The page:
Urging our nation's leaders to end hunger
 

Fighting Global Hunger Through International Food Aid

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120423-sudanmilletFor more than 50 years, the United States has played an important role in alleviating global malnutrition and hunger, especially during emergencies.

This is done through a handful of international food aid programs administered by the U.S. Agency for International Development (USAID) and the U.S. Department of Agriculture (USDA).

Despite the tremendous need around the world — including the ongoing famine in the Horn of Africa — Congress is considering deep cuts to these programs. We are particularly concerned about:

The Food for Peace Program or P.L. 480 represents the majority of food aid the U.S. provides to meet emergency and humanitarian needs in response to malnutrition, famine, natural disaster, civil strife, and other emergencies.

  • In fiscal year 2010, the United States spent about $1.5 billion on emergency food aid that benefitted about 46.5 million people in poor countries.
  • The World Bank estimates that an additional 44 million people have been pushed into poverty since mid-2010 as a result of the recent rise in food pricess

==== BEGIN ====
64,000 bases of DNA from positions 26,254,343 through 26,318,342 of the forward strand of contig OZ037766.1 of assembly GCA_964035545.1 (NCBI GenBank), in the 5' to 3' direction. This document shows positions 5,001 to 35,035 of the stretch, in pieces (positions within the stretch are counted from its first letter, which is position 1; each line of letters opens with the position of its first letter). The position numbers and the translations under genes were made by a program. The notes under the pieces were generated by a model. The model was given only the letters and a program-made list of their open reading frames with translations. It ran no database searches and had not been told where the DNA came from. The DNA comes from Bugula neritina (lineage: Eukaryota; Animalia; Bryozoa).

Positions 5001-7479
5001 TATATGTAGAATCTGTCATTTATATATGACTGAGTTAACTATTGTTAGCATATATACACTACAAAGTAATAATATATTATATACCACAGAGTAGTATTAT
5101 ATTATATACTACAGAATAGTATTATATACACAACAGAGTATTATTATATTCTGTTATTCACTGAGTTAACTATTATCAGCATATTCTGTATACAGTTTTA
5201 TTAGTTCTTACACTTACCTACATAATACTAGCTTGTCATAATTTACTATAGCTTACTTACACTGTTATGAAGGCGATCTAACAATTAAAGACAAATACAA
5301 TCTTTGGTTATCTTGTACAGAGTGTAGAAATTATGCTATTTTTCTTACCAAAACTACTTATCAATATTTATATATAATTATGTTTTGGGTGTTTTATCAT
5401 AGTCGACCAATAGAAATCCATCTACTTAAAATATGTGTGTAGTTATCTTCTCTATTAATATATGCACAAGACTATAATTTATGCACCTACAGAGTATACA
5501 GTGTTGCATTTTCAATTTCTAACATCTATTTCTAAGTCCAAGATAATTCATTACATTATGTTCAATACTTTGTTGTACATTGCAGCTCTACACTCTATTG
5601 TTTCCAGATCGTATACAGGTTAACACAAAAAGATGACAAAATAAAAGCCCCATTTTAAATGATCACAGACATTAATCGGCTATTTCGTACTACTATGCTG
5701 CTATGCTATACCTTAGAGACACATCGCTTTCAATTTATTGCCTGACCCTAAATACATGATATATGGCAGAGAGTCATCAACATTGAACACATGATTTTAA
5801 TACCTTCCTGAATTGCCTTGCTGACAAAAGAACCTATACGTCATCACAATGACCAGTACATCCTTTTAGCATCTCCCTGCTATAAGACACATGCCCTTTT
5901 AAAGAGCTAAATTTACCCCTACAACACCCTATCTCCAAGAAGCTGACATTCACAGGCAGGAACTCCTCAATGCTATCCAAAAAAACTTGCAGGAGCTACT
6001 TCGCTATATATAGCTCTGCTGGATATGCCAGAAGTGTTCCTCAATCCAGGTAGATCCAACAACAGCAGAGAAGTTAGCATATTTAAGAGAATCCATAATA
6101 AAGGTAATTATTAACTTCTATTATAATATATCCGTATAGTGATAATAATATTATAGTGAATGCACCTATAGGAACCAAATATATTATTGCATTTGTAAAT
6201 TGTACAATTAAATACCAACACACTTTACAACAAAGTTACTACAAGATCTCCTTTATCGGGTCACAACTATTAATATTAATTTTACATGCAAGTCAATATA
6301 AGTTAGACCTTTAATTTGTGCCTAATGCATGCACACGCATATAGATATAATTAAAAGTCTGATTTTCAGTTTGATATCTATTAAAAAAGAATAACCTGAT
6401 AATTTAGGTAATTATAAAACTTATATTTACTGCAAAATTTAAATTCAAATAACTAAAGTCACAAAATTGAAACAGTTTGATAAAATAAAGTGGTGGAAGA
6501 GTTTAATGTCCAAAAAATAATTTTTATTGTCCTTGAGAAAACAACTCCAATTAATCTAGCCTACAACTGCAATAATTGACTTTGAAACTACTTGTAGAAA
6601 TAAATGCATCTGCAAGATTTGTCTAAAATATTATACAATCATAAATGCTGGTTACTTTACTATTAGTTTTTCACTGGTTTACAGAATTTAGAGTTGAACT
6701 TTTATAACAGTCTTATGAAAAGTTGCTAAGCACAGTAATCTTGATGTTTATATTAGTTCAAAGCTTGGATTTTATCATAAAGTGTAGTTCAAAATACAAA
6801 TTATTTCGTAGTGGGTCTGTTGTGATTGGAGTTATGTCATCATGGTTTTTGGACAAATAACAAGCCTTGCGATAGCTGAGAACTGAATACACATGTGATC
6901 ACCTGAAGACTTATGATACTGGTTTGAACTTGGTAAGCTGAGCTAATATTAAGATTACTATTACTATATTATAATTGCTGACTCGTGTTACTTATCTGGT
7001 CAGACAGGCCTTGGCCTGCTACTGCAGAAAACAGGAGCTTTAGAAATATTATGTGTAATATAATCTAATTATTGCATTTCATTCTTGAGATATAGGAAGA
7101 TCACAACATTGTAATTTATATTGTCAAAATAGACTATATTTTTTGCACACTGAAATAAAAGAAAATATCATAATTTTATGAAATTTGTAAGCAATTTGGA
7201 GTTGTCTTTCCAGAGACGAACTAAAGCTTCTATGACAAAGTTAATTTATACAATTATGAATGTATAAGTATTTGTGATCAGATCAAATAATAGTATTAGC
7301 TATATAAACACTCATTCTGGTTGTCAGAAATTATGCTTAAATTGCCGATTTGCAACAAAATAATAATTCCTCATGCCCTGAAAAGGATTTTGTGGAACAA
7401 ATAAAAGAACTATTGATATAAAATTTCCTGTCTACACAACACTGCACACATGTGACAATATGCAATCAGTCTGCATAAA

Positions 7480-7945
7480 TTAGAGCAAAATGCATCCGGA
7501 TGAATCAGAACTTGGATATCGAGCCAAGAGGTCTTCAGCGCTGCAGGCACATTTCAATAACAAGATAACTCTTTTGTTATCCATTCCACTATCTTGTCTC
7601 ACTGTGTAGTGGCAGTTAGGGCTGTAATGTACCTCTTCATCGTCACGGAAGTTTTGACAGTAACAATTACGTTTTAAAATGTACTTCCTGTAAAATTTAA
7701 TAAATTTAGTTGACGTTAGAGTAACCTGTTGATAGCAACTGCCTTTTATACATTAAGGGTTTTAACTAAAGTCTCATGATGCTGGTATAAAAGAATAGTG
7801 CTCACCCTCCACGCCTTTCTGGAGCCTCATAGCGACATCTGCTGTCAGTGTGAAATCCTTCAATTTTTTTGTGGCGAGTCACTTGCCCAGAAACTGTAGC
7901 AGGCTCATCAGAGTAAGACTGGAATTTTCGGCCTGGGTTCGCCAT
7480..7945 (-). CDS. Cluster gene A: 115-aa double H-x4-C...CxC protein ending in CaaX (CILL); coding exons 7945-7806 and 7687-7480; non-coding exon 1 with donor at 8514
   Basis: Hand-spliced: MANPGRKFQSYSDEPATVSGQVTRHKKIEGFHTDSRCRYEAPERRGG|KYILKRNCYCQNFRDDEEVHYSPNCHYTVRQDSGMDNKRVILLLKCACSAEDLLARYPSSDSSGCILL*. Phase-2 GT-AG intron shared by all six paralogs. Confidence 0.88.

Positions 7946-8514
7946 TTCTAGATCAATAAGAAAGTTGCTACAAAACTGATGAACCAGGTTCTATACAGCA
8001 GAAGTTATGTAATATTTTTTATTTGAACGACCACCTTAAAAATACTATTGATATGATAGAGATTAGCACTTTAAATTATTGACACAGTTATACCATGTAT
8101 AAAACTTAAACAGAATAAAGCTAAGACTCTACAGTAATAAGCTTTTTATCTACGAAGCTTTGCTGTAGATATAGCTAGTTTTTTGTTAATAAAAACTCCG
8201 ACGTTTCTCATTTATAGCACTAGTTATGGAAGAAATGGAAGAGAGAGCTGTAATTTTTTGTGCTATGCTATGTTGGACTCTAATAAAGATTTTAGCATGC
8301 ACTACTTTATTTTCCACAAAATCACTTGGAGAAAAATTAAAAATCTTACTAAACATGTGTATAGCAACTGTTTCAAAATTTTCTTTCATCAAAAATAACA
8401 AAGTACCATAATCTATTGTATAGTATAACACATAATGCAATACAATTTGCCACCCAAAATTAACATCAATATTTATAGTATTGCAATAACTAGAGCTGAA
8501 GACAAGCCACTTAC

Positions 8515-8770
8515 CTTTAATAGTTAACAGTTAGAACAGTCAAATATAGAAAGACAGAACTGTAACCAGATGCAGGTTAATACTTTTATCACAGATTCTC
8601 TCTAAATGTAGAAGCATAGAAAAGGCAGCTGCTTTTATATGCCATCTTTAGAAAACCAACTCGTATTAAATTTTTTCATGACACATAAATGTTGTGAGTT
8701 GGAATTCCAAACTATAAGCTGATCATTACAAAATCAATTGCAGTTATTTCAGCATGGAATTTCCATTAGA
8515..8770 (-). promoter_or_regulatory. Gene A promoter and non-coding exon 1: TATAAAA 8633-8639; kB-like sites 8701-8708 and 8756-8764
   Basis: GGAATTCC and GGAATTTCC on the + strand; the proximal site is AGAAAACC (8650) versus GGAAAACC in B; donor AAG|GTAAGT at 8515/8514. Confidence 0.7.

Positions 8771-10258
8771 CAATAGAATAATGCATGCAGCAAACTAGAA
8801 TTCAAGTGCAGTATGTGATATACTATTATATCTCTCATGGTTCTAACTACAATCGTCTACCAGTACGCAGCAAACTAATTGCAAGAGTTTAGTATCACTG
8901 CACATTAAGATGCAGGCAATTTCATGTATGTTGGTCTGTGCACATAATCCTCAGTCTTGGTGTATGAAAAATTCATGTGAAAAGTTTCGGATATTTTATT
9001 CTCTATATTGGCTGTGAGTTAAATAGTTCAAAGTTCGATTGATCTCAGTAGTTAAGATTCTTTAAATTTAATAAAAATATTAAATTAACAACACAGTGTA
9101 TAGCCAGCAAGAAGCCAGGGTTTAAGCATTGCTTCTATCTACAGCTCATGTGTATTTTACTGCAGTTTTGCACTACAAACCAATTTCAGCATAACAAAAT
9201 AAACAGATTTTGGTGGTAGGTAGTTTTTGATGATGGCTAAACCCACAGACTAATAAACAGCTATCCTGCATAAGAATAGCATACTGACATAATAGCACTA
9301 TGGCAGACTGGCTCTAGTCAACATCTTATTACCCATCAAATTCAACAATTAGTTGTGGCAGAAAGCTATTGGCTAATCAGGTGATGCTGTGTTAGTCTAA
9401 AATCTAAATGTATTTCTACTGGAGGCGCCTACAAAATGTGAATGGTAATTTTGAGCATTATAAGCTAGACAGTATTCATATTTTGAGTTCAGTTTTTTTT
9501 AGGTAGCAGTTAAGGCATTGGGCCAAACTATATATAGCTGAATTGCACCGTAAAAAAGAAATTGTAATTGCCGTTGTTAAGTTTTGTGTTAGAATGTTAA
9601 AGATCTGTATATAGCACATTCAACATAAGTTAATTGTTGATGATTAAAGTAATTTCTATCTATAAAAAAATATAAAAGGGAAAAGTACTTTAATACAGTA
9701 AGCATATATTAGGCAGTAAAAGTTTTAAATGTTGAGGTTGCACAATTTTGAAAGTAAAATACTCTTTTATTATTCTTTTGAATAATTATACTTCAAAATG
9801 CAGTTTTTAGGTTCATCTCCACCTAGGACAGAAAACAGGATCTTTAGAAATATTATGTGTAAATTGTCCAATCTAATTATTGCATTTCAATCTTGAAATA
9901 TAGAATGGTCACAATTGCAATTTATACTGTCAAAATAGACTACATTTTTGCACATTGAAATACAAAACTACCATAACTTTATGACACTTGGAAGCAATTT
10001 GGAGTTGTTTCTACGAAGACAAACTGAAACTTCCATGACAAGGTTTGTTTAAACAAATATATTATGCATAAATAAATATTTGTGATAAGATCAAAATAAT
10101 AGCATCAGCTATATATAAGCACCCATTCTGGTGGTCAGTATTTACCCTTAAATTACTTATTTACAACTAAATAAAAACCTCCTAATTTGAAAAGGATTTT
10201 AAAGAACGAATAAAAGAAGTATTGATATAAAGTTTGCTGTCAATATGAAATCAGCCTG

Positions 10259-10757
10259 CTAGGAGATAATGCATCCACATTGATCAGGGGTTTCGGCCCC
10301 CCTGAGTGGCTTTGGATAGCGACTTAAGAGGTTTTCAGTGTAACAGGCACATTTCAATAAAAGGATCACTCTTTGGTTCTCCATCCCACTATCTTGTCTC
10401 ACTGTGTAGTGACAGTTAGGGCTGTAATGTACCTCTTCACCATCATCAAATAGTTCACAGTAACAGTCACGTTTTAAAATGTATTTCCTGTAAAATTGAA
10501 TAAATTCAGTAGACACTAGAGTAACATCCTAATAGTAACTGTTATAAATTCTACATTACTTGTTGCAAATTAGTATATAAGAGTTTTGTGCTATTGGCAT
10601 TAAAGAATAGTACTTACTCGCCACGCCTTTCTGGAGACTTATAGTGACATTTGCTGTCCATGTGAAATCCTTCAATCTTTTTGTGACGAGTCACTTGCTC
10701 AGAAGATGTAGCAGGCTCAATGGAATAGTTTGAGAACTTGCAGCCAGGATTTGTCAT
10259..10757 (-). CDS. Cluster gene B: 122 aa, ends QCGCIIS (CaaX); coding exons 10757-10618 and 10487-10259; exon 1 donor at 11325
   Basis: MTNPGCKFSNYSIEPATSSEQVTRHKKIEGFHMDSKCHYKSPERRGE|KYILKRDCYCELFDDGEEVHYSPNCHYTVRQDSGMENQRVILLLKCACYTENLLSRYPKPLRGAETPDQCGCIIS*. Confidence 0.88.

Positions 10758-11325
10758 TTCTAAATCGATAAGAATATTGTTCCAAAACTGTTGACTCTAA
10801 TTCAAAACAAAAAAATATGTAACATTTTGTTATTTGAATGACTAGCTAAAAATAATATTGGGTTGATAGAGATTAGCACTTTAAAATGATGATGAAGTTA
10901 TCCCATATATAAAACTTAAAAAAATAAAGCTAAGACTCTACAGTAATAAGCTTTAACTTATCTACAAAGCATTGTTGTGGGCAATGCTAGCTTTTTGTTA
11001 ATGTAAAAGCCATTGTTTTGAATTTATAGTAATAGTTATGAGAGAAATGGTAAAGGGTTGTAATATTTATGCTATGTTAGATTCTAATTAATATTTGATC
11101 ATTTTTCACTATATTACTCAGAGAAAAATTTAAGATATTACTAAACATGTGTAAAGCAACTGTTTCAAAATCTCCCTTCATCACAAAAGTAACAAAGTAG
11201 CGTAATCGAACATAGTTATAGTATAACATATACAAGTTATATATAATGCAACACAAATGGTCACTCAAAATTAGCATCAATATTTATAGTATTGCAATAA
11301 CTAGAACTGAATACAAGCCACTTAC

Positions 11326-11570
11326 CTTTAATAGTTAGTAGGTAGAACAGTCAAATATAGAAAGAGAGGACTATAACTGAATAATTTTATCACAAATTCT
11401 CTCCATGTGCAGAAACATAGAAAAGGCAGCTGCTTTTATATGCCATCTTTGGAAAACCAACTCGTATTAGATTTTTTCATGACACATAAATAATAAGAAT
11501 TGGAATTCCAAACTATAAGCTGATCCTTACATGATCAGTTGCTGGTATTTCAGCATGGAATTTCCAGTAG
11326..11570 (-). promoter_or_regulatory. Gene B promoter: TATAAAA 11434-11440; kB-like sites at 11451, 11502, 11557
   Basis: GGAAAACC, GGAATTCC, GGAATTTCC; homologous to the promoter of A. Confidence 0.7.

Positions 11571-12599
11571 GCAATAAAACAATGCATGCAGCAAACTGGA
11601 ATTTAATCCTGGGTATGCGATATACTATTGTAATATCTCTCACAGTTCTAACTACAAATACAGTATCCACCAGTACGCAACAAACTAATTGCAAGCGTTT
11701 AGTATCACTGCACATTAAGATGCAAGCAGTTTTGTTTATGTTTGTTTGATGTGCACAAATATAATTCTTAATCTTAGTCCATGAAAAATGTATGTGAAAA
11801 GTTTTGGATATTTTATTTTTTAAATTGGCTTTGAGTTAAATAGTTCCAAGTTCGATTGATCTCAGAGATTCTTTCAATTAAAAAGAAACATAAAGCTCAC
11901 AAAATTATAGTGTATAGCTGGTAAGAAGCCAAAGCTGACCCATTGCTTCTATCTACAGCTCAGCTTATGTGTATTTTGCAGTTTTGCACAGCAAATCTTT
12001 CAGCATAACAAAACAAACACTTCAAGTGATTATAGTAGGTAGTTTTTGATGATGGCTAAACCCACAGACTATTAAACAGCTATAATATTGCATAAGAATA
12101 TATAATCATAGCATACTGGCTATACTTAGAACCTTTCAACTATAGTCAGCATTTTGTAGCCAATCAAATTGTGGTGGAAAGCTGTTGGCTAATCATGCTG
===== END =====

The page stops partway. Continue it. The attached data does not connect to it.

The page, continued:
• In the world’s poorest countries, families spend between 60 and 80 percent of their income on food, which means that continued increases in prices hit the world’s poorest people the hardest.

The McGovern-Dole International Food for Education and Child Nutrition Program provides U.S. agricultural commodities and financial and technical assistance to carry out school feeding programs. The program also supports maternal, infant, and child nutrition programs.

  • With funding of about $200 million in 2010, McGovern-Dole served approximately 5 million beneficiaries in 28 countries.
  • For most schoolchildren, the one meal they get through this program is often the only meal they get all day.
  • Where school meal programs are offered, children stay in school longer and their academic performance improves. Children who are hungry have a difficult time concentrating in school.
  • In-school feeding and take-home rations improve school enrollment for girls. Educating girls in developing countries is the key to breaking the cycle of poverty.

What's Our Message?

Create a circle of protection around funding for international food aid programs that serve as the greatest — and often only—line of defense between millions of families and hunger.

Molly-marshMolly Marsh is managing editor at Bread for the World.

 

 

Photo caption: Kaltoum Adam Imam with one of her five children collects millet in a land rented by a community leader in Saluma Area, near El Fasher (North Darfur). UN Photo/Albert Gonzalez Farran.

+Learn more about our mini-campaign on international food aid programs!

 

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